The amount of blue fluorescence in the cells was quantified using a fluorometer and directly correlates with the amount of secreted protein/beta-lactamase molecules. Majority of M. avium protein constructs elicited similar levels of blue fluorescence as the positive control. While MAV_0516 and MAV_1356 produced less protein secretion, MAV_4077 correlated with more protein export (Fig. 1e). To control for differences between the infection kinetics, bacterial uptake and survival at 3 days post-infection were determined by recording the CFU counts (Fig. 1f and g, respectively). The uptake of MAV_1178-BlaC, MAV_0502-BlaC and MAV_1419-BlaC were significantly impaired compared to the control pMV261-BlaC(+). In contrast, the uptake of MAV_0516 was significantly increased over the pMV261-BlaC(+) control. Regardless of the difference, 9 of the 10 M. avium constructs were able to survive and grow at 3 day post-infection with the exception of MAV_0398-BlaC that showed a decrease in survival (Fig. 1g).

Selected M. avium proteins are pre-synthesized upon exposure to the metal mixture

To determine whether M. avium exposure to the metal mixture would trigger gene expression, we performed a reverse-transcription PCR (RT-PCR) analysis for the 10 confirmed secreted proteins [19]. M. avium 104 was exposed to 24-h metal mixture and control 7H9 broth for either 1 or 24 h and gene expression levels were quantified by the RT-PCR. As shown in the Fig. 2, similar gene expression levels were observed between the metal and 7H9 broth exposed bacteria at both time points. Since M. avium exposure to the metal mixture for 1 or 24 h did not changed the gene expression levels for any of the 10 genes selected, it suggests that these proteins were already pre-synthesized and the exposure to metals triggered/activated the protein secretion mechanism.

Fig. 2
figure 2

M. avium gene expression levels during metal exposure. M. avium 104 was incubated in either 7H9 broth or the 24 h metal mixture for 4 and 24 h. The total RNAs for the10 confirmed secreted proteins were extracted and analyzed for gene expression by RT-PCR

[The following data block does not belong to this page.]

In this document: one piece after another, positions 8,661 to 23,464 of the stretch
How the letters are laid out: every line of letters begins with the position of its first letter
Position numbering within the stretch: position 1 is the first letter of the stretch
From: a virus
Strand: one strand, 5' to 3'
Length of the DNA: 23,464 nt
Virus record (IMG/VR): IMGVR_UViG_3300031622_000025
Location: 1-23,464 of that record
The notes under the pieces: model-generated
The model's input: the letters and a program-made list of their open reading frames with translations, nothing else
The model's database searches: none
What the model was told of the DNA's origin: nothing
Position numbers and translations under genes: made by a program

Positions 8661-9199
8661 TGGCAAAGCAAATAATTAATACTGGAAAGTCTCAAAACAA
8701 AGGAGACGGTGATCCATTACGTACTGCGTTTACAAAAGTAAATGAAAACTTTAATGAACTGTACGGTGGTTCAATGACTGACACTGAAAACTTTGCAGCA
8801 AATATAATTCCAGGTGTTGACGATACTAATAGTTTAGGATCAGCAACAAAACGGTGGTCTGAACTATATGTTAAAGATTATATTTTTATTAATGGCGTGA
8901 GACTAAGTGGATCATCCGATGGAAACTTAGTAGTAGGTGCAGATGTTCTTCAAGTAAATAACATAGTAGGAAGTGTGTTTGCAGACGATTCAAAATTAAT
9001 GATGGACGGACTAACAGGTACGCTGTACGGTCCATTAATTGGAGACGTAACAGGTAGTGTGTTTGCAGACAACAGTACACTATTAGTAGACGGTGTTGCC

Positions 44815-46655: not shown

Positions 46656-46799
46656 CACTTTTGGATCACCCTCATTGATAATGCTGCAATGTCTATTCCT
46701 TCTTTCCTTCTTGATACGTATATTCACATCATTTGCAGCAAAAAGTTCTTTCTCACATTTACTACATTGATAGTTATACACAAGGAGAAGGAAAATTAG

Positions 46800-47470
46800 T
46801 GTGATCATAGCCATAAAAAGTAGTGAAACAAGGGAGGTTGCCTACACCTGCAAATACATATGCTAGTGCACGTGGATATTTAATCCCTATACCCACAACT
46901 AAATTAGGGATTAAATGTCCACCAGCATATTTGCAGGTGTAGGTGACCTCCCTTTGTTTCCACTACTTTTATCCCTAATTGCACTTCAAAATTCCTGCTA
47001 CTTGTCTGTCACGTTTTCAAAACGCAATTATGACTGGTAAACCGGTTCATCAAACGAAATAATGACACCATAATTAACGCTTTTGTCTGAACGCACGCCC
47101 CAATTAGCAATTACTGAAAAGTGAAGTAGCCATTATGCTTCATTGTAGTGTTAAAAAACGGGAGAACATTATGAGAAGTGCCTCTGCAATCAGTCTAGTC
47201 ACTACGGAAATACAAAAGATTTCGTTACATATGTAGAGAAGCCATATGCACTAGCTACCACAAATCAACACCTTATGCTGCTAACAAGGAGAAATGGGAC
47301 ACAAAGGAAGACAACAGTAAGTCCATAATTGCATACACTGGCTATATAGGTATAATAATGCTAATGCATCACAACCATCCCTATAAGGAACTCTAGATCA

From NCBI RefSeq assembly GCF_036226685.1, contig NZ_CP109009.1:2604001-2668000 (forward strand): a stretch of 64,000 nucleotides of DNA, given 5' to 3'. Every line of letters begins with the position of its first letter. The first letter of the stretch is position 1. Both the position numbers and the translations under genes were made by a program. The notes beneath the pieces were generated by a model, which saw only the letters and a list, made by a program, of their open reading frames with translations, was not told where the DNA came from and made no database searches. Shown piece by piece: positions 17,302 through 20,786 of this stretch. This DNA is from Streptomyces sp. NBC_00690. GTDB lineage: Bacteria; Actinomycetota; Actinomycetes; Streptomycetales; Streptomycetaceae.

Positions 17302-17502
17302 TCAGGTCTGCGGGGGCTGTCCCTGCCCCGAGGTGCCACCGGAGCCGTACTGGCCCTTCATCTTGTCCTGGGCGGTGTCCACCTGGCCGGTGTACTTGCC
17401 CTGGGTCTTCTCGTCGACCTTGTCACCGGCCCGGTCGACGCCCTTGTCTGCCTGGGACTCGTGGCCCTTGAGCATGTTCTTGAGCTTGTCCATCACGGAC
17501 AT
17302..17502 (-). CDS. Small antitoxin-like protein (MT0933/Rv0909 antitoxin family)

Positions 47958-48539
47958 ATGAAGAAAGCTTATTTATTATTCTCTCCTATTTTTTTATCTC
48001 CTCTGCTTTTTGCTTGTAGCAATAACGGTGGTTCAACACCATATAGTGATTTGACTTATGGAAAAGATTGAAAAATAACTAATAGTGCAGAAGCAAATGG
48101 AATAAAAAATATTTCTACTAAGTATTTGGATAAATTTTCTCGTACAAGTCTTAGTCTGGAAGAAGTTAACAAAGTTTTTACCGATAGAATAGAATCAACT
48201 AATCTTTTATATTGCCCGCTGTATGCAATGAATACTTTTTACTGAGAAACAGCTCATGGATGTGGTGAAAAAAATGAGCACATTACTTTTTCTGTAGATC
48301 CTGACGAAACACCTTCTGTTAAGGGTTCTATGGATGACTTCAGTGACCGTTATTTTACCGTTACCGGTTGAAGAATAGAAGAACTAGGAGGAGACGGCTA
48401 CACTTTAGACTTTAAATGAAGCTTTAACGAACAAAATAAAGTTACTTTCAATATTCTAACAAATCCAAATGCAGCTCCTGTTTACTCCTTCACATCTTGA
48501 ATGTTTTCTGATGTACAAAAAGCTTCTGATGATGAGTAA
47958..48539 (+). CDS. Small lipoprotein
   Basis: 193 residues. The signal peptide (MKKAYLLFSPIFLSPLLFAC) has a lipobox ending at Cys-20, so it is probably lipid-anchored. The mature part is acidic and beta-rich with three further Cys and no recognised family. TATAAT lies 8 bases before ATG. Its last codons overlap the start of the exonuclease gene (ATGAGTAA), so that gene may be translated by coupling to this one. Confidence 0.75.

The M. avium calmodulin-like protein interaction with host proteins

The MAV_1356 protein was produced in E. coli using the pET Expression system and purified with the His-Bind resin chromatography (Clontech) as per the manufacturer’s instructions. The overexpression of MAV_1356 protein was confirmed in E. coli cell lysate by coomassie staining, and purified protein were visualized by western blotting using the 6XHN rabbit antibody (Clontech) (Fig. 3a). The mass spectrometric analysis was performed using the Thermo Fisher LTQ VELOS mass spectrometer. The unique bands bound to the bacterial MAV_1356 protein and present in the pull-down assay were identified as 38kDa Annexin A1 (P04083) and Protein S100-A8 (P05109) (Fig. 3b).

Fig. 3
figure 3

Host proteins interacting with MAV_1356. a Lane 1, The western blotting of the 6HN-MAV_1356 protein; Lane 2, The coomassie staining of the E. coli total protein extract overexpressing the MAV_1356 protein; MM, Molecular Marker. b Lane 1, the biotin-labeled host proteins nonspecifically binding to the His60 nickel resin (control group without bacterial protein); Lane 2, the biotin-labeled total protein extract of THP-1 cells were exposed to the recombinant MAV_1356 (experimental group) and the bound proteins were visualized with streptavidin antibody as described in the materials and methods; Both groups were subjected to the same procedures. The unique proteins identified just in experimental lane was exercised and sequenced. The MAV_1356 bound host proteins were identified as Annexin A1 and Protein S100-A8


M. avium survives and replicates in macrophages and, as many of intracellular pathogens, requires to secrete an array of effector proteins to establish its intracellular niche and prevent the killing mechanisms of phagocytic cells. Phagosomes of M.avium in macrophages are initially large, but segment and split in one bacterium, one phagosome after hours following phagocytosis [4]. Virulent mycobacteria inhibit phagosome acidification [1, 4, 5]. In this study, we utilized an in vitro system that mimics the concentrations of single metals in the phagosome of M. avium infected macrophages [10]. Previous work demonstrated that the presence of specific metals influence bacterial gene regulation in vitro, and it is similar to the one observed with the intracellular M. avium residing in macrophages [11].